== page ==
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Management training institutions in developing countries : proposed criteria for institutional effectiveness


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Makumbe, John Mudiwa waShe 1985 , 'Management training institutions in developing countries : proposed criteria for institutional effectiveness', PhD thesis, University of Tasmania.

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Nation-building for development in a transitional society is manifested
in the creation of new institutions, the re-structuring and
re-organisation of existing ones and training public servants to
spearhead the rapid changes required. By far the greatest emphasis
seems to have been placed upon the need to appropriately train public
servants. Management training institutions (MTIs) are therefore created
and charged with the task of imparting the requisite knowledges, skills
and attitudes to development administrators. The increase of MTIs in
developing countries indicates the faith which transitional societies
have in institutional management training for development.
An MTI is an organisation which, like any other organisation, must have
certain specific characteristics which determine its capability. The
thesis argues that six factors have such a significant influence upon
the ultimate effectiveness of an MTI. This study proposes they
constitute a set of criteria for an MTI's capability.These criteria are the extent to which national groups participate in
the creation of an MTI significantly affect the level of support,
acceptance and therefore effectiveness that the MTI will have the
potential to attain. Similarly, whether an MTI is located inside or
outside the administrative system also has significant bearing on the
IVITI's potential to bring about desired improvements and changes in the
administrative and developmental systems of a given country. The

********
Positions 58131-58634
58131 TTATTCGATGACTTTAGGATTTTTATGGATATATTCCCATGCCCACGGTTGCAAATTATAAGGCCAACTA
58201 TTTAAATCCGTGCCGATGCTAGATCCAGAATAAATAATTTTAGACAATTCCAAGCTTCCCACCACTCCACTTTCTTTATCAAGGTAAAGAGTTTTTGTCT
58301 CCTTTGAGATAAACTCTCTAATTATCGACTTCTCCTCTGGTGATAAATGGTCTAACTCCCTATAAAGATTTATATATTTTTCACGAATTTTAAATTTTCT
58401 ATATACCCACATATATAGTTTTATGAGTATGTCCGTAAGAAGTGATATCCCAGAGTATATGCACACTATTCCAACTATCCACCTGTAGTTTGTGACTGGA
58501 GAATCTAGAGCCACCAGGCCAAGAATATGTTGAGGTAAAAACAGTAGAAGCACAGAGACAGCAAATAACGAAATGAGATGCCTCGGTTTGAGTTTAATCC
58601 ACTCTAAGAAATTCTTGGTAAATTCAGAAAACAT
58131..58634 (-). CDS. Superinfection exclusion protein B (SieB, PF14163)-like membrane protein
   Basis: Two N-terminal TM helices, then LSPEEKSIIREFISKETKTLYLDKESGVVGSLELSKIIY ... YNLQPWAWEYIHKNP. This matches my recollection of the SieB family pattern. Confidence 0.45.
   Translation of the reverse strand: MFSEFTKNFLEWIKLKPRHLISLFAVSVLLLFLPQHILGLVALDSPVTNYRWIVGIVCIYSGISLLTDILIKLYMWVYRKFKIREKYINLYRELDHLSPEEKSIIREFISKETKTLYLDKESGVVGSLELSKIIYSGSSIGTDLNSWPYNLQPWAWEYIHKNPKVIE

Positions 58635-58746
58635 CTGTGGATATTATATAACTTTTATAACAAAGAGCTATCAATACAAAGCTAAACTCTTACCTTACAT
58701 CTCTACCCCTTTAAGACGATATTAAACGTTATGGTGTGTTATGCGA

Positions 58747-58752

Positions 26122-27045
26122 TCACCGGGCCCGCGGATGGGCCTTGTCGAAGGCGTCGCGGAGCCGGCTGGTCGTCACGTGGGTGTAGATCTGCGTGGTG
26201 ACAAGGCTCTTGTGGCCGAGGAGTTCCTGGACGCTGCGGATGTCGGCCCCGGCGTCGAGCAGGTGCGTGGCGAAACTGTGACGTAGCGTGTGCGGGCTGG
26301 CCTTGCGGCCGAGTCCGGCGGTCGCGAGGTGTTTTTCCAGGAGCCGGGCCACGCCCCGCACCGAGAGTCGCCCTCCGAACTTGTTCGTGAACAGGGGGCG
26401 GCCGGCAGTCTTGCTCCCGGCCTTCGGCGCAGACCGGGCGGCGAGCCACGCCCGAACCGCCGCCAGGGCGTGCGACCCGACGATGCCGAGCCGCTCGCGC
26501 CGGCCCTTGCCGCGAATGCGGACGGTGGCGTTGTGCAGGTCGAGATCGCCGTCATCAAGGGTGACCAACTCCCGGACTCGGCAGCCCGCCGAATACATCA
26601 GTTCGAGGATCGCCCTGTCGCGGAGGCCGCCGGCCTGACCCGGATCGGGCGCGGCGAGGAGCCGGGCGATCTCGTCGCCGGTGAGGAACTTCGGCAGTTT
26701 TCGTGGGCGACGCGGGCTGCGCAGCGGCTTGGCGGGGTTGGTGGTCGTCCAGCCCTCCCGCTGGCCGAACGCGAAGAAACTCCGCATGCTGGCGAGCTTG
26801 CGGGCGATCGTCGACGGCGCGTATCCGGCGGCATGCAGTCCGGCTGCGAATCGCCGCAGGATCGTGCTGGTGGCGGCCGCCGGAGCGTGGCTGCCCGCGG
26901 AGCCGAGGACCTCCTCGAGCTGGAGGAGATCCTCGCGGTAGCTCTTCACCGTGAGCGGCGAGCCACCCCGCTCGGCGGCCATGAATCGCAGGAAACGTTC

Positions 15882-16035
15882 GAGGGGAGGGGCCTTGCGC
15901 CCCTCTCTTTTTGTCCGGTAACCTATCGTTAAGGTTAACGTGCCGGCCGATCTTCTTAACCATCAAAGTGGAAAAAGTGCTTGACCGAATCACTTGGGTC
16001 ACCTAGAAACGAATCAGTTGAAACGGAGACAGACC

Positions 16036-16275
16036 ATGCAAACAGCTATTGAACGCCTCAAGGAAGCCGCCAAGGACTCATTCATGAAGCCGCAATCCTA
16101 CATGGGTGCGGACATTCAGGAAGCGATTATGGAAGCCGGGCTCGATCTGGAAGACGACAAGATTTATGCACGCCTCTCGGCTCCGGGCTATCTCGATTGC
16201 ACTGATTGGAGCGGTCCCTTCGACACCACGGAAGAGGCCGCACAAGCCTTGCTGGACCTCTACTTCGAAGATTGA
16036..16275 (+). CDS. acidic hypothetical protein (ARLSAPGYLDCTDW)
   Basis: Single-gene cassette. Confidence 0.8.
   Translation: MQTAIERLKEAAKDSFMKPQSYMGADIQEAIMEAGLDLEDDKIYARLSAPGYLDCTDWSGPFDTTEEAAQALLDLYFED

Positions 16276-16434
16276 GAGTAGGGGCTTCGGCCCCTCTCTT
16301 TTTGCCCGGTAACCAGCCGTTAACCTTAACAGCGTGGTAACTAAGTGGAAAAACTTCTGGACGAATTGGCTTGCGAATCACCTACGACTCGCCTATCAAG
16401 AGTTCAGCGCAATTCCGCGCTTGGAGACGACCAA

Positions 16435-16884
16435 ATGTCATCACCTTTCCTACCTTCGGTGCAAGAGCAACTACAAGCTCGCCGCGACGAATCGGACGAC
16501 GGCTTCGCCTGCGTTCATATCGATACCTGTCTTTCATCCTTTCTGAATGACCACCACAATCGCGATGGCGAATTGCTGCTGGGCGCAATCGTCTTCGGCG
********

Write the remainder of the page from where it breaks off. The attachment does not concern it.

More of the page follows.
functional and enabling linkages that an MTI is able to establish,
maintain and effectively manage determine the level and types of resources, inputs and other supports its environment will accord it An
MTI requires adequate levels of institutional autonomy which can enable
it to experiment with new ideas, methods and procedures and to introduce
appropriate innovations into the administrative and developmental
systems. An MTI's leadership plays an important part in determining and
managing its linkages; in exercising, projecting and protecting its
autonomy, doctrine, goals and objectives; and in creating a viable
internal environment. An MT( therefore requires adequately qualified and
experienced leadership. In the design of an MTI's internal structure and
organisation, the leadership should opt for less hierarchical and less
departmentalised organisational structures; flexible and integrated
operational systems which encourage maximum participation and the
employment of holistic, multi-disciplinary approaches in dealing with
the tasks and problems of development administration. The central thesis of this study is that the overall performance of an
MTI in a post-colonial situation can largely be explained and understood
by examining and analysing the nature of these factors in the context
of a given MTI in a given country. Utilising the examples of two Mils,
one in Zimbabwe and one in Malaysia, these factors are shown to have
explanatory potential. It is apparent that MTIs in most developing
states face several internal and external environmental constraints.
These constraints debilitate and stultify their efforts at improving
administrative performance for meaningful development in transitional
societies. Separating the critical factors affecting performance may
assist some of them to become more effective.

Item Type: Thesis - PhD
Authors/Creators:Makumbe, John Mudiwa waShe
Keywords: Public administration, Occupational training, Government executives
Copyright Holders: The Author
Copyright Information:

Copyright 1985 the Author - The University is continuing to endeavour to trace the copyright
owner(s) and in the meantime this item has been reproduced here in good faith. We
would be pleased to hear from the copyright owner(s).

Additional Information:

Thesis (Ph.D.)--University of Tasmania, 1988. Bibliography: leaves 423-443

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